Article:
Plant these maples. Steer clear of those.

Paperbark maple.
Paperbark maple. Paul Meyer, Morris Arboretum.

Some maples are to love (sugar maples) and others not (Norway maples, because they’re an invasive species). But there’s more to maples than those two — including some you might like or dislike depending on where they are growing.

I once lived in a house where two stately silver maples graced the front yard. Aside from their enormous size, these two trees had little about them to love. Silver maples have soft wood, tend to drop branches and big flakes of bark, and offers leaves with no color worth looking at in autumn. The roots can be frightening large and shallow, as I learned upon encountering what looked like an elephant’s leg pushing into the crawl space of the house.

On the positive side, silver maples grow very fast, tolerate almost any soil, and look nice in wild settings and swampy areas. I just wouldn’t want one near my home.

A very good one and a bad one

You’ll also find red maples in similar wet and wild settings. Red maples are very variable, and the best have much to offer: sturdy wood, cosmopolitan disposition, and reddish young leaves, flowers, and seeds.

In autumn, the color of red maple foliage rivals and complements that of sugar maple. This tree is deservedly popular, so much so that superior varieties have been identified and named, some with upright form, others with leaves that stay red all season long or have particularly flamboyant autumn leaf color, and still others with various combinations of these qualities.

Before moving on to other lovable maples, let’s backtrack to another less desirable one. Although maple is not in its name, boxelder is a maple, one that, like silver maple, is fast-growing and weak-wooded. The only things this tree has going for it are that it grows just about anywhere and its overall form is pleasing.

Many more maples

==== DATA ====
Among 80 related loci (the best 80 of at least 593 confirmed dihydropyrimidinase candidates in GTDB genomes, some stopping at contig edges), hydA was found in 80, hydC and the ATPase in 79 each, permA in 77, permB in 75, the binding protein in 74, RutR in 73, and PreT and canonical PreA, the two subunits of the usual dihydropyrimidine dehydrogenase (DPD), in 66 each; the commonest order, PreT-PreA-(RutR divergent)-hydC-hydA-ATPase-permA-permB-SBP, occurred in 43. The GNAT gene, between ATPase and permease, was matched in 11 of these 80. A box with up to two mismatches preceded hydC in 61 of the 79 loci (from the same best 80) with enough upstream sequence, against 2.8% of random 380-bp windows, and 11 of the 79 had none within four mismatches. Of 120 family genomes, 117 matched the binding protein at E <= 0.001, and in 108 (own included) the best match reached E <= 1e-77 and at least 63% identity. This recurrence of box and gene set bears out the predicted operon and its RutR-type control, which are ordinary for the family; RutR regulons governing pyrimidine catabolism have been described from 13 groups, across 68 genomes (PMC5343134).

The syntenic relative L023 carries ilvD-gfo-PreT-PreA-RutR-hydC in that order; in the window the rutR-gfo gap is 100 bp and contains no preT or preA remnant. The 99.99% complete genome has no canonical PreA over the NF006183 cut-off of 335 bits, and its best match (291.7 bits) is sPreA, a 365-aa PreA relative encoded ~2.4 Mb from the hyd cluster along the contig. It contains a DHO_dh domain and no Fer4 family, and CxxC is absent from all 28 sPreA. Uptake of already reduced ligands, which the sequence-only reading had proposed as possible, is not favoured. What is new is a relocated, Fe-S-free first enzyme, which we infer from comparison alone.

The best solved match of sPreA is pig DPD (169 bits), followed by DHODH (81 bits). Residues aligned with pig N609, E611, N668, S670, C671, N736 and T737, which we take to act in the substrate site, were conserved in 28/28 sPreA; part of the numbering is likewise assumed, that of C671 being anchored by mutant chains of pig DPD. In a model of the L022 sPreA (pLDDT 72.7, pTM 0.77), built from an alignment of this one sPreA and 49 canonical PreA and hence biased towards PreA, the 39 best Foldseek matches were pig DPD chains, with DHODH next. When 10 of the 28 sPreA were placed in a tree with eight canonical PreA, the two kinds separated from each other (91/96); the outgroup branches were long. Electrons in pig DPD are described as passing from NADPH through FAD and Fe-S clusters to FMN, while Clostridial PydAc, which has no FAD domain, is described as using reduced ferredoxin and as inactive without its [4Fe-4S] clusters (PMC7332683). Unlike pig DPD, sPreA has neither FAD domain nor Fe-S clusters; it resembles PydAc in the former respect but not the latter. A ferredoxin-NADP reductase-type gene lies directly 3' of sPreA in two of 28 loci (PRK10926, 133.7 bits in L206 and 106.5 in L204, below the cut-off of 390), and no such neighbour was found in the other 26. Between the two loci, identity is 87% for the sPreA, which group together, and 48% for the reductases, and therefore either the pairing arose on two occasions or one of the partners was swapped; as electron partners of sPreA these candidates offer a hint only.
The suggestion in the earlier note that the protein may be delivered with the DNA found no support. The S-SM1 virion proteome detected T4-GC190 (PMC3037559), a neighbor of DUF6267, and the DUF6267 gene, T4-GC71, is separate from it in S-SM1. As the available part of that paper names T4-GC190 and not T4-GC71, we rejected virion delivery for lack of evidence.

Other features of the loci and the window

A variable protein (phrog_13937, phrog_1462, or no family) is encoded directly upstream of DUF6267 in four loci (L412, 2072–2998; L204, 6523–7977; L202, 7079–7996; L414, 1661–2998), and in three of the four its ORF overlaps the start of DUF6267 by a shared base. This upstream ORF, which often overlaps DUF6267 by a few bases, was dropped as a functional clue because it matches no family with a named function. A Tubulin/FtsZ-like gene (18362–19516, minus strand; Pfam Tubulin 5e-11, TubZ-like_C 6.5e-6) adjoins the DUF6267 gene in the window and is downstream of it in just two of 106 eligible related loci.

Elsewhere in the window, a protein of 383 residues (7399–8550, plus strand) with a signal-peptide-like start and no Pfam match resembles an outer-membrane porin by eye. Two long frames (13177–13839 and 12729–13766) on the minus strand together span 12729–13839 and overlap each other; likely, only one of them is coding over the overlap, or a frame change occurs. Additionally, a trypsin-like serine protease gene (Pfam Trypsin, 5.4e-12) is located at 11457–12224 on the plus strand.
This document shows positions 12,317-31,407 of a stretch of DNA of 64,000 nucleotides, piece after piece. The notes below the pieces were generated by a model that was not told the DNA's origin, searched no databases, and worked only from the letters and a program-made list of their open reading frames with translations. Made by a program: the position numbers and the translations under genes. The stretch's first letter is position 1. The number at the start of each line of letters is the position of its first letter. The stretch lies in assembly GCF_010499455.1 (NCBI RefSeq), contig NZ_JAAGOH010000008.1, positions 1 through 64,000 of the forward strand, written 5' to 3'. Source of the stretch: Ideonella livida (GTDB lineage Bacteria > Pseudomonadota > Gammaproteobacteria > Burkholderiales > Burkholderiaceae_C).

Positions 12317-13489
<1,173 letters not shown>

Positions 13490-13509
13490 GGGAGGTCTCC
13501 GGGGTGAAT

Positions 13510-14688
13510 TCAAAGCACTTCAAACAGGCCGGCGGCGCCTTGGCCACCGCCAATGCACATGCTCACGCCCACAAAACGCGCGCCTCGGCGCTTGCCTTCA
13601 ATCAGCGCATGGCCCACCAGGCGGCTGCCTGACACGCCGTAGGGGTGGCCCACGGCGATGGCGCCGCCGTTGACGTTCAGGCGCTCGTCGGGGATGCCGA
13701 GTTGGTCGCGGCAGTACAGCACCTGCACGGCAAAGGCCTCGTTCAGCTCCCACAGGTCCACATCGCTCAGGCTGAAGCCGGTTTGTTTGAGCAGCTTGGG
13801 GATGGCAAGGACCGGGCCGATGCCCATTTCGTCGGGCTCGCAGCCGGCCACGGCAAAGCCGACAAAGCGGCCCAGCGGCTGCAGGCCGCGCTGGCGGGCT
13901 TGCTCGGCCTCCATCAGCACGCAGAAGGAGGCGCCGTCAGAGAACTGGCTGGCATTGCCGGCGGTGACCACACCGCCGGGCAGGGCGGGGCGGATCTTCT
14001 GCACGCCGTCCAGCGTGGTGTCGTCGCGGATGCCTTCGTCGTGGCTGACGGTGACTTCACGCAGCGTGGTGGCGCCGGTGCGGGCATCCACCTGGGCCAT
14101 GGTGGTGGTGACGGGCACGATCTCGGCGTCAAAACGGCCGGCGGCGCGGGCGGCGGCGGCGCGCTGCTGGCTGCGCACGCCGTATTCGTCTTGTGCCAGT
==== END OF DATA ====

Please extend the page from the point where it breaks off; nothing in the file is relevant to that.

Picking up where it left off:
Striped maple is another one that I would not recommend planting but that can be loved in its native, woodsy settings. It grows poorly outside of forests, and is not particularly notable in form or autumn leaf color. But you can enjoy its bright green leaves in summer and its distinctively striped bark as you walk in the woods year-round.

Sugar maple hardly needs mentioning because it’s so familiar for its strong wood, stately form, and fiery fall color. On the downside, this tree is finicky about soil conditions, not faring well if the ground is re-graded near its roots or where road salt is used.

Across the Pacific are some other lovable maples. So-called Japanese maples, which actually represent more than one species and hundreds of varieties, are known for their pleasing forms and for their leaves. The leaves have a delicate beauty both in summer and autumn.

Less well-known are such Asian gems as trident maple and Amur maple. Both are small trees whose leaves turn a rich burgundy in autumn. The trident maple has bark that is made orange, gray, and brown as small flakes naturally peel away. Amur maple can be trained as a small tree or a large bush, and has fragrant, white flowers in spring that are followed at the end of summer by seeds with burgundy wings.

A year-round favorite

I saved one of my favorite maples for last, and that is the paperbark, which asks to be both looked at and touched. This tree tolerates all sorts of soils and would, no doubt, be more popular if it were easier to propagate.

This handsome, small tree is vase-shaped like our American elm and has dark green, slightly bluish leaves. In autumn, the leaves turn a brilliant red color. The autumn show is fleeting, but no matter. Even after the leaves drop, the tree more than earns its keep with its reddish bark, which wraps around the trunk like burnished copper and peels away in paper-thin curls.

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